Yesterday Marco Rubio, the Senator of Florida, discussed with ABC that the human impact on climate change isn’t as drastic as scientists are portraying it to be. He also says that, “[he does] not believe that there are actions that we can take today that will have an impact on what’s happening within our climate.”
Two things can be said here. The first is, that without a scientific background, Rubio is quite gutsy to challenge scientists without providing his own thorough scientific research to support it. The second thing to be said here, is that as Florida currently sits as one of the most vulnerable states to damage from rising sea levels, the senator must have a lot of conviction in his theory in order to press it.
As many people commonly state that stats and data can be manipulated to say anything, to Rubio’s point, scientific reports on the human effect on climate change could theoretically be “exaggerated.” In fact, A recent Gallup poll shows that one in four Americans believe that climate change is not a serious concern. Interestingly enough the poll also shows that 4 out of 10 scientists agree that global warming is not an issue, nor is it an issue largely caused by humans.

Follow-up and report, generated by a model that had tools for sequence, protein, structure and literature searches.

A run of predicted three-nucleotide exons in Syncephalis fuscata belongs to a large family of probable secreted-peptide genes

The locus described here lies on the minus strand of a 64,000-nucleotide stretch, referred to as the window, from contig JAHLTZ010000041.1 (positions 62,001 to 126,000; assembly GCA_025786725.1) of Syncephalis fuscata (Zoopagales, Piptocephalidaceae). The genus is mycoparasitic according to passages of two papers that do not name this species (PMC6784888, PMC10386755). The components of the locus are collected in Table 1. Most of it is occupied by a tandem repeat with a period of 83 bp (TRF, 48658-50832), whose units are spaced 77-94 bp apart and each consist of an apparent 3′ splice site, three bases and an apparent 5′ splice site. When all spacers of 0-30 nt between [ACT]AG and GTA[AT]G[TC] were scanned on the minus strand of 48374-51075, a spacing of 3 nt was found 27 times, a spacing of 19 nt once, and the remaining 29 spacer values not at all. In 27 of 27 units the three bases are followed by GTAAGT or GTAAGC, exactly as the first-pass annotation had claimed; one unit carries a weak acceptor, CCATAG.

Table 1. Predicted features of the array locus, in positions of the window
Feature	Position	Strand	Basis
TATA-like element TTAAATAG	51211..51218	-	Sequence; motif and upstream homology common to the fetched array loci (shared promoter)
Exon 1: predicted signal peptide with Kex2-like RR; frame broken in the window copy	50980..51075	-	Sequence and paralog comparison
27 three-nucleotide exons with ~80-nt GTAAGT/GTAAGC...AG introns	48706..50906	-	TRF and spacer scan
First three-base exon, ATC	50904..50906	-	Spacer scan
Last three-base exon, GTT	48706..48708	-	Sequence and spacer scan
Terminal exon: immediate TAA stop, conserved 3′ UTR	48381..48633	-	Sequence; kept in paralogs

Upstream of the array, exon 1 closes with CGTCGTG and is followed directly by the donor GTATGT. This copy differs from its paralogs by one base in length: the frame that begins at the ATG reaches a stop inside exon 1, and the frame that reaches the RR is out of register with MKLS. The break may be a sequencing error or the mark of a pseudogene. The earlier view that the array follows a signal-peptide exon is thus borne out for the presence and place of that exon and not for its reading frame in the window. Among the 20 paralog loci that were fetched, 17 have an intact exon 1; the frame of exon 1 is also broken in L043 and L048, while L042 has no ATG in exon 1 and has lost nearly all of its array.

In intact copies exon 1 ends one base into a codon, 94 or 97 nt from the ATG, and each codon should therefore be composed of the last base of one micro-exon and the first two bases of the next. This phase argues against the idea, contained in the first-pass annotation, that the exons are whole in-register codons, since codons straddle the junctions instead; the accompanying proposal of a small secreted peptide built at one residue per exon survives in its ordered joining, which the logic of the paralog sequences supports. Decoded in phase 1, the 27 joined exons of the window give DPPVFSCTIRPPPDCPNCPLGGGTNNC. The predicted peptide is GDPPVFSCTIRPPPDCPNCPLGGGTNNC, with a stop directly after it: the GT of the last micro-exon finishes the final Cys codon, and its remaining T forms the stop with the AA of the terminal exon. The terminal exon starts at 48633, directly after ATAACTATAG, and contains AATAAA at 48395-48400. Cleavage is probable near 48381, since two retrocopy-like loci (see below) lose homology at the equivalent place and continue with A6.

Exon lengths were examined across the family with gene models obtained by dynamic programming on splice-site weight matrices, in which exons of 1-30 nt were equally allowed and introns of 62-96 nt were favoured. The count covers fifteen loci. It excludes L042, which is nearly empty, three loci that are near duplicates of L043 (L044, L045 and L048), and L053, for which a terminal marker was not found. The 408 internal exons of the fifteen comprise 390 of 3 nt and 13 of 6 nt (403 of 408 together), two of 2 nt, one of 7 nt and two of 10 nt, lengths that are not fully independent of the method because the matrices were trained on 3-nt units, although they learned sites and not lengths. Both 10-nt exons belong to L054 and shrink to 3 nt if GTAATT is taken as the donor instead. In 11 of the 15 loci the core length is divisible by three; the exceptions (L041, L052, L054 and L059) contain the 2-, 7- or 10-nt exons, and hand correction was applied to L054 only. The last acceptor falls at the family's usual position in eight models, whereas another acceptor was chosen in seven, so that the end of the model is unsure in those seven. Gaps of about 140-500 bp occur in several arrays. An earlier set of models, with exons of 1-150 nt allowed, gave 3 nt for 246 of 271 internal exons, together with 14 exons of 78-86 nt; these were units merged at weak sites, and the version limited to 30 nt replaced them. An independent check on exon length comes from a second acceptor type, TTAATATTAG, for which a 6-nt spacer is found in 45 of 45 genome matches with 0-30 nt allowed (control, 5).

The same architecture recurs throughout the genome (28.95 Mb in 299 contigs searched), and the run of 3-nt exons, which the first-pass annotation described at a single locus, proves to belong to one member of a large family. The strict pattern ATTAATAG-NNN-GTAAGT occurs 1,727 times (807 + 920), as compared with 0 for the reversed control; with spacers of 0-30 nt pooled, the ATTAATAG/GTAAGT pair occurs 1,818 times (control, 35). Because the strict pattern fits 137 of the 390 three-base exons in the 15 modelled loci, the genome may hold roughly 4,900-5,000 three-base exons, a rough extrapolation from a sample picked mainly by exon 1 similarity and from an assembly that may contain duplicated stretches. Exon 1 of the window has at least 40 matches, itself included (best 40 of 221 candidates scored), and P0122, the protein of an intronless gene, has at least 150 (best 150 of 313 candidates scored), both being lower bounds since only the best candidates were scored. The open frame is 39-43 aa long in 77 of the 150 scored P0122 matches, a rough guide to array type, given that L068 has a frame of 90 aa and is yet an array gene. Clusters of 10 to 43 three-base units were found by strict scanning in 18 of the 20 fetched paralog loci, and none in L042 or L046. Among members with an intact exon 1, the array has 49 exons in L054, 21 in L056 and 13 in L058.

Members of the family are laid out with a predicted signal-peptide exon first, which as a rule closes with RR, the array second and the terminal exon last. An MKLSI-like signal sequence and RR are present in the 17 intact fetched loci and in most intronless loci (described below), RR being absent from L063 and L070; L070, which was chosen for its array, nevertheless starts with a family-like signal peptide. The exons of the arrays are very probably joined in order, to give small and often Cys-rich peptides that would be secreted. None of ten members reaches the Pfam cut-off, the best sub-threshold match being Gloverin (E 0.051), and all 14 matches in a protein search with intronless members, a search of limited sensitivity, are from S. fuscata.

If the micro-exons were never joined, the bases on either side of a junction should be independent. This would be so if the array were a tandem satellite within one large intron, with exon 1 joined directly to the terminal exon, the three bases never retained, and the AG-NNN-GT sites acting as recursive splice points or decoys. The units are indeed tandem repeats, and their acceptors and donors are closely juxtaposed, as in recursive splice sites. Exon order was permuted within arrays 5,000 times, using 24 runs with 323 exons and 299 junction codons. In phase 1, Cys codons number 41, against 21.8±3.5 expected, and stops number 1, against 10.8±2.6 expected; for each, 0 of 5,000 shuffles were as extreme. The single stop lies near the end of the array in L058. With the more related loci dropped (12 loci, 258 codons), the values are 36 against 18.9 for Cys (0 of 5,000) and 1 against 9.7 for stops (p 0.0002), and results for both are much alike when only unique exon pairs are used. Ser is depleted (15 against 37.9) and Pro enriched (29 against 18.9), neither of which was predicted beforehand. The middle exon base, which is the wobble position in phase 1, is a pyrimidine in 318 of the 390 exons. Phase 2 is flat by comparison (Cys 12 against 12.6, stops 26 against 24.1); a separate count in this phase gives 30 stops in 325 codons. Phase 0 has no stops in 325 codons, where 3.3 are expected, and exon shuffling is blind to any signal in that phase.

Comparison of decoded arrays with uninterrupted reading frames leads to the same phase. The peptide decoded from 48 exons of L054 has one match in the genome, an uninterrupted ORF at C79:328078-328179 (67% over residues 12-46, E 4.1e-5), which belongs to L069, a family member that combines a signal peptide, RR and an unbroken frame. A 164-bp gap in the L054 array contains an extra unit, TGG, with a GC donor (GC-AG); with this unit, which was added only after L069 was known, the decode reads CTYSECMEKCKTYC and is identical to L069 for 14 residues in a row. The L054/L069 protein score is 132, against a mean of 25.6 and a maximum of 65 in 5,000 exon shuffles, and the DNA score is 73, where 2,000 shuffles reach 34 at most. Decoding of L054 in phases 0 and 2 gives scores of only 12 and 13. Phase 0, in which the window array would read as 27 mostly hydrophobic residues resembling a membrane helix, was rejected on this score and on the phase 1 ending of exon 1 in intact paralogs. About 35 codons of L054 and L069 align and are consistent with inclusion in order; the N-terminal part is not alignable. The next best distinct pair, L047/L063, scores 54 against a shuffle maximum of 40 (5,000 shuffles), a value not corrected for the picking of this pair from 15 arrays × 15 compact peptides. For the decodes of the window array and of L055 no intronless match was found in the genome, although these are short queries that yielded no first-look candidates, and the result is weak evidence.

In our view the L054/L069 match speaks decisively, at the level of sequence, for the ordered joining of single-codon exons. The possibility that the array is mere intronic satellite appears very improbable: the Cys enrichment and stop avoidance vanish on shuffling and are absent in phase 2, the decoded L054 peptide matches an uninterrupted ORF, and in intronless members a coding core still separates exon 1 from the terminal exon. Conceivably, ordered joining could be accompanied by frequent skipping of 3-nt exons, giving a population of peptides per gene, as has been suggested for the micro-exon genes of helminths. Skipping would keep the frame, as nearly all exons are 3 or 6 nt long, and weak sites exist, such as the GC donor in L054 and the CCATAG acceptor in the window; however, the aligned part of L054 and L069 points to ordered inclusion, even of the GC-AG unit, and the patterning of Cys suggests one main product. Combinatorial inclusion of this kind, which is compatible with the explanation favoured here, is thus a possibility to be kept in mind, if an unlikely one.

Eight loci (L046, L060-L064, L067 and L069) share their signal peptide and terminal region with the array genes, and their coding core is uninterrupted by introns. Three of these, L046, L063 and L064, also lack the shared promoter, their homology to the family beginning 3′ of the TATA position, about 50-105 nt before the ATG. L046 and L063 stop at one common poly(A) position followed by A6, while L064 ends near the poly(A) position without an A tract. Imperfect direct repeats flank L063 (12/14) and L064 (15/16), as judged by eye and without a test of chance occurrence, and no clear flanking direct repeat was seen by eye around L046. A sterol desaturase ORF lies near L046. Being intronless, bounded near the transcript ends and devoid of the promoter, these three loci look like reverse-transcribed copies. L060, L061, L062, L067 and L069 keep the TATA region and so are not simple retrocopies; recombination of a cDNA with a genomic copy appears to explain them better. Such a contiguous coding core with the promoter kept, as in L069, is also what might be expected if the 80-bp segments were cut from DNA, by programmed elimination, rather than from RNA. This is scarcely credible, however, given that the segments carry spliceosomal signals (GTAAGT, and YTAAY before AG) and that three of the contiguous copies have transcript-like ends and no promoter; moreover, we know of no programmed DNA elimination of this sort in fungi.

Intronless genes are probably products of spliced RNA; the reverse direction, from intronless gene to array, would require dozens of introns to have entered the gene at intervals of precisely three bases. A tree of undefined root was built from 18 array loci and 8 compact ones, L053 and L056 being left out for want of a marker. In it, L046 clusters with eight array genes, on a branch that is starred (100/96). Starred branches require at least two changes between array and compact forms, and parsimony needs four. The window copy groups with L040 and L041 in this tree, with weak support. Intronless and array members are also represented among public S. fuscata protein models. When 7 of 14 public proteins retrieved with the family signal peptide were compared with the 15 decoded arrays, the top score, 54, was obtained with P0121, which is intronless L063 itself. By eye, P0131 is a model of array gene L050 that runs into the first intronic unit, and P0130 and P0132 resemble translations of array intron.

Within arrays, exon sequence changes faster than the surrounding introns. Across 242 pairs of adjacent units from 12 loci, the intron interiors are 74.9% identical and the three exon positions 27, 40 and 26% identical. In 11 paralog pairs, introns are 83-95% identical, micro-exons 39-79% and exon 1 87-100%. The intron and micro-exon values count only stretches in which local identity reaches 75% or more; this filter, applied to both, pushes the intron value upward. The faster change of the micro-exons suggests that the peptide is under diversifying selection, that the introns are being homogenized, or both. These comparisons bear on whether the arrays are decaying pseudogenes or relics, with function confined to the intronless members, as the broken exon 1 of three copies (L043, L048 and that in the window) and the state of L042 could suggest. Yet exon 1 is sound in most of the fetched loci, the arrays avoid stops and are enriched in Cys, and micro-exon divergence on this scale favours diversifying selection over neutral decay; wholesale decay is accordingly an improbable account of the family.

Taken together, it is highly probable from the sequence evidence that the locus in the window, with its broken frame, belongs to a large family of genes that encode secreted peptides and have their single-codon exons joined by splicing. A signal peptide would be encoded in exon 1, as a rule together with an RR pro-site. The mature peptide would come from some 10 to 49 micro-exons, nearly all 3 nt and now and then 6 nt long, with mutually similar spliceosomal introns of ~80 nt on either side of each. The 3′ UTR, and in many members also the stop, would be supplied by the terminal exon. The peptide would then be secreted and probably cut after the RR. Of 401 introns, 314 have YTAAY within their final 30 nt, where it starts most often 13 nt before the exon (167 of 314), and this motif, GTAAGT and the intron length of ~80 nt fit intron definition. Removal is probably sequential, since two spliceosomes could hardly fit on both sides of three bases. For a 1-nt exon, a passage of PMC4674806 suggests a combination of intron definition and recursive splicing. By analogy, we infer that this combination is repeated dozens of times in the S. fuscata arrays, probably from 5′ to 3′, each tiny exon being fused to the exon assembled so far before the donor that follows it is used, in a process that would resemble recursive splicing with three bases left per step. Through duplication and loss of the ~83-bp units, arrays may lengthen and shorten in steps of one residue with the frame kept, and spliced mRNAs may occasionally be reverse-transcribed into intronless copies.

Yet the Pentagon itself has acknowledged global warming, and is actively taking the necessary steps to create a plan to dissuade any chances of possible climate change disasters. Whether the argument holds true or exaggerated isn’t a debate that government institutions are discussing, as they continue to plan emergency systems “in the event of” a global warming disaster.
It is reported that Rubio helped to enact a carbon emissions cap bill in 2008 but has since “distanced himself.” Many people who worked with Rubio on the bill have frequently called him a “flip flopper” on the topic. Rubio’s current stance is that the pressure to create laws that protect against the slightest impact on climate change, is actually harming the economy. Little elaboration on the economic effect have been provided.
Where do you stand on the global climate change debate? Is it all exaggerated data and research?